Volatility adjustment

Use of a volatility adjustment

Overview of the measure

Insurance institutions can apply a volatility adjustment to the relevant risk-free interest rate curve to be used to calculate the best estimate of their liabilities.

This measure does not require prior approval by the ACPR. However, it may only be used under certain conditions.

For each currency, EIOPA provides, on the “technical information” page of its website, the risk-free interest rate curve as well as a curve that takes into account the volatility adjustment.

For each currency, the adjustment depends on the difference between the interest rate that it would be possible to derive from the assets included in a reference portfolio in that currency and the rates from the relevant risk-free interest rate curve corresponding to that currency.


Regulatory references

The volatility adjustment is defined in Articles L.351-2 and R.351-6 of the Insurance Code, applicable to institutions covered by each of the three codes, which transpose point 5 of Article 77 of Directive 2009/138/EC, known as “Solvency II”, and Articles 49 to 51 of Delegated Regulation (EU) 2015/35, known as “Level 2”.

The terms of application set out below are laid down in Articles R.354-2, R.354-2-1, R.354-3-2 and R.355-7 of the Insurance Code.


Terms of application

The application of the volatility adjustment may be combined with the transitional measure on technical provisions but not with the matching adjustment.

Institutions must state in their Solvency and Financial Condition Report whether they use the volatility adjustment.

Institutions that use the volatility adjustment must comply with the following obligations:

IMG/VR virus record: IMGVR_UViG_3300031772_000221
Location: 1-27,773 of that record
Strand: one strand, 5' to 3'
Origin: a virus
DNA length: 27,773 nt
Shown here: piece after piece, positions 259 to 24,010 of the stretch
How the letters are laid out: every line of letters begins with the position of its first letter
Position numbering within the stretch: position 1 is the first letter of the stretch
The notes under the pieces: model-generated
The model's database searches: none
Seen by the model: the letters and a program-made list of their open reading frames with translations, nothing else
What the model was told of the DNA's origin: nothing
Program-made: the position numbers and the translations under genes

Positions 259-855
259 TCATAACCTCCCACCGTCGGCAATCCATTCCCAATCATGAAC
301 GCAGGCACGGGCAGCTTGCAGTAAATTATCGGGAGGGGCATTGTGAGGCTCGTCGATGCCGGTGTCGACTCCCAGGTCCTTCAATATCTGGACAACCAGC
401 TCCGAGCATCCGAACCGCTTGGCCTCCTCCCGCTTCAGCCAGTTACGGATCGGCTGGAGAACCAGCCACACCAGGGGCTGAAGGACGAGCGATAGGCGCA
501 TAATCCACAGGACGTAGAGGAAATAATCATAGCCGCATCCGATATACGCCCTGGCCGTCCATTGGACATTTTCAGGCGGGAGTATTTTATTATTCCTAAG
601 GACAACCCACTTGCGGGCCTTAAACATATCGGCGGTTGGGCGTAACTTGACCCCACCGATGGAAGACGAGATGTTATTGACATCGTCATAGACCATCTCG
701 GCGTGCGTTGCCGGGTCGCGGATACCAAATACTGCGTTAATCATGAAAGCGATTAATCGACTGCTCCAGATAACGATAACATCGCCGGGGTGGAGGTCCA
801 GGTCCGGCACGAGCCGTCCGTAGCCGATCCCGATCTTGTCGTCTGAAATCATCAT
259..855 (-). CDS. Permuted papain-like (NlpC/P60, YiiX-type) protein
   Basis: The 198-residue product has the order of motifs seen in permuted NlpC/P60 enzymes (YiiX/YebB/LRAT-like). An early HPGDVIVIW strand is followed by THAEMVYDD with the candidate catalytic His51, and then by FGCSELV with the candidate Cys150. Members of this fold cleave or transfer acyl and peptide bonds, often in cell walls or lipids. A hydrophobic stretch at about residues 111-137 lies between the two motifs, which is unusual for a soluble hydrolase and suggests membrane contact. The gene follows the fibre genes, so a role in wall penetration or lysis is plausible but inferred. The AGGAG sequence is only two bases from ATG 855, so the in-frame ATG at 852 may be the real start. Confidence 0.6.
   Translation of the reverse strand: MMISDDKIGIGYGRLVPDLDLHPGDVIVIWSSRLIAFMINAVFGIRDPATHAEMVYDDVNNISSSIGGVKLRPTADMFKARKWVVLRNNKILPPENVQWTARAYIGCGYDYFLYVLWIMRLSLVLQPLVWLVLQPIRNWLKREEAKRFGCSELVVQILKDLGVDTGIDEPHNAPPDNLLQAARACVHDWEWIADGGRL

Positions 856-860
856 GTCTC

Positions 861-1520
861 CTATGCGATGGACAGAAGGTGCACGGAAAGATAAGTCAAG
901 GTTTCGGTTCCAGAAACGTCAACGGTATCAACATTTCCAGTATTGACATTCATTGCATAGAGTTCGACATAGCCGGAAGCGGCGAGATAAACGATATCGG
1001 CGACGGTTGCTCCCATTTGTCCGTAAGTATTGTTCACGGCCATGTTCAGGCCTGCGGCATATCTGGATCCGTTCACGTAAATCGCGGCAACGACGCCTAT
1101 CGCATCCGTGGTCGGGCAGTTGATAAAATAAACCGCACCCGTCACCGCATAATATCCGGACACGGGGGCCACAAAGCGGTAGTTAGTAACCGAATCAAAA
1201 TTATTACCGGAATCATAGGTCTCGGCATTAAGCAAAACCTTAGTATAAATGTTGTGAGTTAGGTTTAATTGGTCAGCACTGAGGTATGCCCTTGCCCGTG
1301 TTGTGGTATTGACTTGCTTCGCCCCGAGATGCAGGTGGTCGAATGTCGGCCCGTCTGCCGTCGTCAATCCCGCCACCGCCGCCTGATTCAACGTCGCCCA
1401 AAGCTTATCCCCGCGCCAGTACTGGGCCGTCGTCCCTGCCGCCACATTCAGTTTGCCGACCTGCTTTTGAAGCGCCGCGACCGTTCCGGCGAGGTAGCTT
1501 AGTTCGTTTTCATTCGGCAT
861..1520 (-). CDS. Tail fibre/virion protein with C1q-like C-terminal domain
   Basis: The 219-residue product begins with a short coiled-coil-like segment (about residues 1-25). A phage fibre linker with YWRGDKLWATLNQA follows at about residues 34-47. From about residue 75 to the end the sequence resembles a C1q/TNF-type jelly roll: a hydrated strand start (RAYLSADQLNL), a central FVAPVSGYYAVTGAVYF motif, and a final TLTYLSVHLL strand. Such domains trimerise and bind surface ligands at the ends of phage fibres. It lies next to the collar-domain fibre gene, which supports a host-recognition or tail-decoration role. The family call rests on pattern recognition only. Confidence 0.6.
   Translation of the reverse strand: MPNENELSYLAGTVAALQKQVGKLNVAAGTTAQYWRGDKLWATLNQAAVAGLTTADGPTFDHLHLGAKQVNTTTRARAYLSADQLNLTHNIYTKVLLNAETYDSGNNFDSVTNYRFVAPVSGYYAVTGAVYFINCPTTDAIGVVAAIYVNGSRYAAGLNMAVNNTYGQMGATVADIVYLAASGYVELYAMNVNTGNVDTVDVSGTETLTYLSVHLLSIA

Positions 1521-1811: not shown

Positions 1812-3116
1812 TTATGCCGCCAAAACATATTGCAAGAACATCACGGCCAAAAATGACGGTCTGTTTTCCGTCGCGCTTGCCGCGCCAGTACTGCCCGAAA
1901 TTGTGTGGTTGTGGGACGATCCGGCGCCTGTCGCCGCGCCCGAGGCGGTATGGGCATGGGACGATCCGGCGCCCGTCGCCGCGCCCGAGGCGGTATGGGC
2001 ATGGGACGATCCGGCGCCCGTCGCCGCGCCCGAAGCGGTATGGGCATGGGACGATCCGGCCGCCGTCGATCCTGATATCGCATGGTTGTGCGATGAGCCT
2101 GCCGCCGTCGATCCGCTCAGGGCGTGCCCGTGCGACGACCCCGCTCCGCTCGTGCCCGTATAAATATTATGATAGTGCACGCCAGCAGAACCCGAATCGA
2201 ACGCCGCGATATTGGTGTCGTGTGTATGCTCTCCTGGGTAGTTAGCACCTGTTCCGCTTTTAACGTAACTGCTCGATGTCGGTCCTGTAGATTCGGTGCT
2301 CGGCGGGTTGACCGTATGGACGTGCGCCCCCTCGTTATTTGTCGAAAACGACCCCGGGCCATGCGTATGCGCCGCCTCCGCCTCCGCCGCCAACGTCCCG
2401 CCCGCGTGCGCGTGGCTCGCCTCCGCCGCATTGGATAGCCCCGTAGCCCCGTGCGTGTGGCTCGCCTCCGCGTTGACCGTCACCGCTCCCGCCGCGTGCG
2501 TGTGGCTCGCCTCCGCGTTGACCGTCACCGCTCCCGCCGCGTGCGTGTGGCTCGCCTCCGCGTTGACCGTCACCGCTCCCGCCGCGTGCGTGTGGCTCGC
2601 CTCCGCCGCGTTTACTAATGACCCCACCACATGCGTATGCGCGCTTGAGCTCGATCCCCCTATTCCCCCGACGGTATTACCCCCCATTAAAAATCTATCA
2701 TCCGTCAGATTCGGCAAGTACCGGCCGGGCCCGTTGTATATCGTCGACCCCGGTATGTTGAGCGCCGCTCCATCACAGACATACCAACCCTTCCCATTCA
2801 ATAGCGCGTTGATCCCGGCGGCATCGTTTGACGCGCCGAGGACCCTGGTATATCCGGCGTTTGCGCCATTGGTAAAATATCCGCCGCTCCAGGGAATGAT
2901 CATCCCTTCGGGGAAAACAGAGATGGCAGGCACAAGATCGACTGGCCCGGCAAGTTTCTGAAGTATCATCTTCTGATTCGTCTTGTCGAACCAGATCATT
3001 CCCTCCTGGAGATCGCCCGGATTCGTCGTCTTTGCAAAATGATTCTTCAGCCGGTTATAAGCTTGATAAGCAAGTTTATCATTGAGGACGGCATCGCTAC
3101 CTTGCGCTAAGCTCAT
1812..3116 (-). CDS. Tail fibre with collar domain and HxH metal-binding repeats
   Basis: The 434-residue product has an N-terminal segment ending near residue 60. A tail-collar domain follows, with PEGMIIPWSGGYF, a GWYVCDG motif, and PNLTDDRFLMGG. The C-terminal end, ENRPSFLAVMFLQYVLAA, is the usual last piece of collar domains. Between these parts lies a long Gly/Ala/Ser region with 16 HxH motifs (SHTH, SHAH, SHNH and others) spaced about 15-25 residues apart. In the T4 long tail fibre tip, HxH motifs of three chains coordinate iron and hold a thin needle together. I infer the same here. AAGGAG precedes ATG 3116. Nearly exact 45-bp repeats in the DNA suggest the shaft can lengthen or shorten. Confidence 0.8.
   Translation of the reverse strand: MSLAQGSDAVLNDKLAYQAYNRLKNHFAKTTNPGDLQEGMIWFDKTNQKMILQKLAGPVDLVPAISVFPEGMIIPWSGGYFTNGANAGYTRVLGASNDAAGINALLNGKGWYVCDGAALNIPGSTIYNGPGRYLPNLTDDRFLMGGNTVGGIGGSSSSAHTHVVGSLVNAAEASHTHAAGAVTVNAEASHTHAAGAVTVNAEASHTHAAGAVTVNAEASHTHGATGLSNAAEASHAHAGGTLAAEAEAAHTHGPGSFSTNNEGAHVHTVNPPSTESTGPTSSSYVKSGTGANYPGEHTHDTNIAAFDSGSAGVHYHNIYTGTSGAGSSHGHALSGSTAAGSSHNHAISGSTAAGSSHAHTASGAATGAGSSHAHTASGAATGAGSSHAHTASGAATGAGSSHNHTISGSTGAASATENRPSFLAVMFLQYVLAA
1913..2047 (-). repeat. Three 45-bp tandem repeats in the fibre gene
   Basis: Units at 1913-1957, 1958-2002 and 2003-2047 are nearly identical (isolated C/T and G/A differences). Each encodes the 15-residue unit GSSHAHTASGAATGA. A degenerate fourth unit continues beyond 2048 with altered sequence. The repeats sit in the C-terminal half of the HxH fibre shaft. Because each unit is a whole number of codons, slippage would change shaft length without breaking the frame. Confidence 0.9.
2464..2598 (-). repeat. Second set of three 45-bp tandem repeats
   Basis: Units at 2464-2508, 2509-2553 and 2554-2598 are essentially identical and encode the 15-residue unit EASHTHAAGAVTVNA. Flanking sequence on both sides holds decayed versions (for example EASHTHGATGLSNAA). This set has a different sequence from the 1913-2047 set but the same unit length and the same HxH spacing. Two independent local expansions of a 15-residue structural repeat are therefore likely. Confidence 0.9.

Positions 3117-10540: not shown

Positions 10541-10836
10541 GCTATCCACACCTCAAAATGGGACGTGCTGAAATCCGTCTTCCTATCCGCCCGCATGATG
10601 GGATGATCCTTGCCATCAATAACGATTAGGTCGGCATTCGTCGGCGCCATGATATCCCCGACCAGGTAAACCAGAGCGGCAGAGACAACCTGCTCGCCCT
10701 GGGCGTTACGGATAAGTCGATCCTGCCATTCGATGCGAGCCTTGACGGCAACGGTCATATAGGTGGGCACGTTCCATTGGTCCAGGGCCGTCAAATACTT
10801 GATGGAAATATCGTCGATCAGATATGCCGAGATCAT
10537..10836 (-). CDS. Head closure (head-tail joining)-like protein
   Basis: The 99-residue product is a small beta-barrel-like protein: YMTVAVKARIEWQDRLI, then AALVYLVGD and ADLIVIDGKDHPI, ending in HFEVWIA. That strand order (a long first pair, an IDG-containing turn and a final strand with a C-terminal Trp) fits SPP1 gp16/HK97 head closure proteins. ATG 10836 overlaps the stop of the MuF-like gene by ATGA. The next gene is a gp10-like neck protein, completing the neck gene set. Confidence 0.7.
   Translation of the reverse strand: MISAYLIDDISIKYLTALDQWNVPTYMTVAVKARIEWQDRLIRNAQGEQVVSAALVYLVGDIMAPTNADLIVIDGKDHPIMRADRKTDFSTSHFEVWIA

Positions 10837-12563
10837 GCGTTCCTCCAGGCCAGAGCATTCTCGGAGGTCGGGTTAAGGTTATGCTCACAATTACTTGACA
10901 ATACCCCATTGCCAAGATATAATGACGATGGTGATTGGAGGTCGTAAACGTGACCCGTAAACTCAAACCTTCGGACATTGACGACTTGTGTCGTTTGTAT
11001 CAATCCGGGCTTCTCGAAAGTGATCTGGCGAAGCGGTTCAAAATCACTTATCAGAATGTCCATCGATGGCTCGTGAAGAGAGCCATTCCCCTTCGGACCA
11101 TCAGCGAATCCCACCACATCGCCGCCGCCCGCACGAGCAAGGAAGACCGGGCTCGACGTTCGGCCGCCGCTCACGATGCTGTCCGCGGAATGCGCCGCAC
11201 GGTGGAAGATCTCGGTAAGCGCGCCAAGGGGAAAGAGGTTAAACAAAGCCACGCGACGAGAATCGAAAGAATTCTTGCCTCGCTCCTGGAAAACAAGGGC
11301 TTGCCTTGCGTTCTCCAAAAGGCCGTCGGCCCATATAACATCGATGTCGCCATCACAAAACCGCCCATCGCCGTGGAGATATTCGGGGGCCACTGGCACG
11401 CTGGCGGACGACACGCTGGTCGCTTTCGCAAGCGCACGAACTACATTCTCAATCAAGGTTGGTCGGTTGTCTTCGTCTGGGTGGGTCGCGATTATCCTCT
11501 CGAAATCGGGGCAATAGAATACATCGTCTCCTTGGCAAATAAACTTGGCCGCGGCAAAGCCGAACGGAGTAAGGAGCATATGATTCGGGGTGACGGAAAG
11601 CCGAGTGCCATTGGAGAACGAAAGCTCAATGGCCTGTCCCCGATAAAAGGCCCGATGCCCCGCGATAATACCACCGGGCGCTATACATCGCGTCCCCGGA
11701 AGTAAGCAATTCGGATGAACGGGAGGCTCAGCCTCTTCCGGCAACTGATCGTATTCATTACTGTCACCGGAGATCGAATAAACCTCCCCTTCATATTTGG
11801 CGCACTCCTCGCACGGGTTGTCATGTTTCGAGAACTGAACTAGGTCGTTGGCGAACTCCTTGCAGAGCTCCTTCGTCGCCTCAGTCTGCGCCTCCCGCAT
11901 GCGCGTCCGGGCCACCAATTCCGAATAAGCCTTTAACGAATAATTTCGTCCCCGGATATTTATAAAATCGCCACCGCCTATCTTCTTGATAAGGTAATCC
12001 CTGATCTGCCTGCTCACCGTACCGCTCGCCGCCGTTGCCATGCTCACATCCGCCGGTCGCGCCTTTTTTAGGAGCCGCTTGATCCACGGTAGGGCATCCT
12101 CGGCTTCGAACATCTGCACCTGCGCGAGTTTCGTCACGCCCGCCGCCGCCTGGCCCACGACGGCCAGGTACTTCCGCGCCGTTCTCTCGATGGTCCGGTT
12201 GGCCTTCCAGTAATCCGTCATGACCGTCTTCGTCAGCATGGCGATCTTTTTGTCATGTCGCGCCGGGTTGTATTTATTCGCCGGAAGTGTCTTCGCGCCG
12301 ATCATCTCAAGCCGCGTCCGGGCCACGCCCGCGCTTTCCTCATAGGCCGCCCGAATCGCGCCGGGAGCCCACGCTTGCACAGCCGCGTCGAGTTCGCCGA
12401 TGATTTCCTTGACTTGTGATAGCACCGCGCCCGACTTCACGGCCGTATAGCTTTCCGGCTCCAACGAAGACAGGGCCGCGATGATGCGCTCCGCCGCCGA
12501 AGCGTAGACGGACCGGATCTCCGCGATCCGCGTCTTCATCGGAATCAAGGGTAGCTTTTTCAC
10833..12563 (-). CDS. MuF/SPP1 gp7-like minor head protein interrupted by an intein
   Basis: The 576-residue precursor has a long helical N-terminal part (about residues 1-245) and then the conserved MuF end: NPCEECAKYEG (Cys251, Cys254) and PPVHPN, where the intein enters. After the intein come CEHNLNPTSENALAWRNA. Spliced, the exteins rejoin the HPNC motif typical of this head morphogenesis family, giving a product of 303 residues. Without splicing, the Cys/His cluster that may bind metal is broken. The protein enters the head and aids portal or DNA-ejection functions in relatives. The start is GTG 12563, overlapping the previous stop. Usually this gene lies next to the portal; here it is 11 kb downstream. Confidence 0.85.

• They must put in place a liquidity plan including forecast incoming and outgoing cash flows connected with the assets and liabilities covered by the volatility adjustment.
  • They must regularly assess the following, and submit their assessments to the ACPR:
    • sensitivity of technical provisions and eligible own funds to the assumptions underpinning the volatility adjustment calculation
    • potential consequences of a forced sale of assets on eligible own funds
    • consequences of a reduction in the volatility adjustment
  • Where the reduction of the volatility adjustment to zero would result in non-compliance with the solvency capital requirement, the institution must also submit an analysis of the actions it could take to restore the level of eligible own funds or reduce its risk profile.
  • The written risk management policy must include a policy on criteria for applying the volatility adjustment.
  • As part of the second ORSA assessment, ongoing compliance with capital requirements must be verified both with and without the volatility adjustment.
  • The description in the Solvency and Financial Condition Report of the bases and methods used to assess prudential technical provisions and other liabilities must include a quantification of the effects of cancelling the volatility adjustment.


Consequences for the group

If an institution using this procedure belongs to a group, the group’s combined or consolidated financial statements are prepared on the basis of the individual financial statements after applying the measure. The group is subject to the reporting requirements in connection with the use of that measure.

Updated on: 07/17/2017 15:28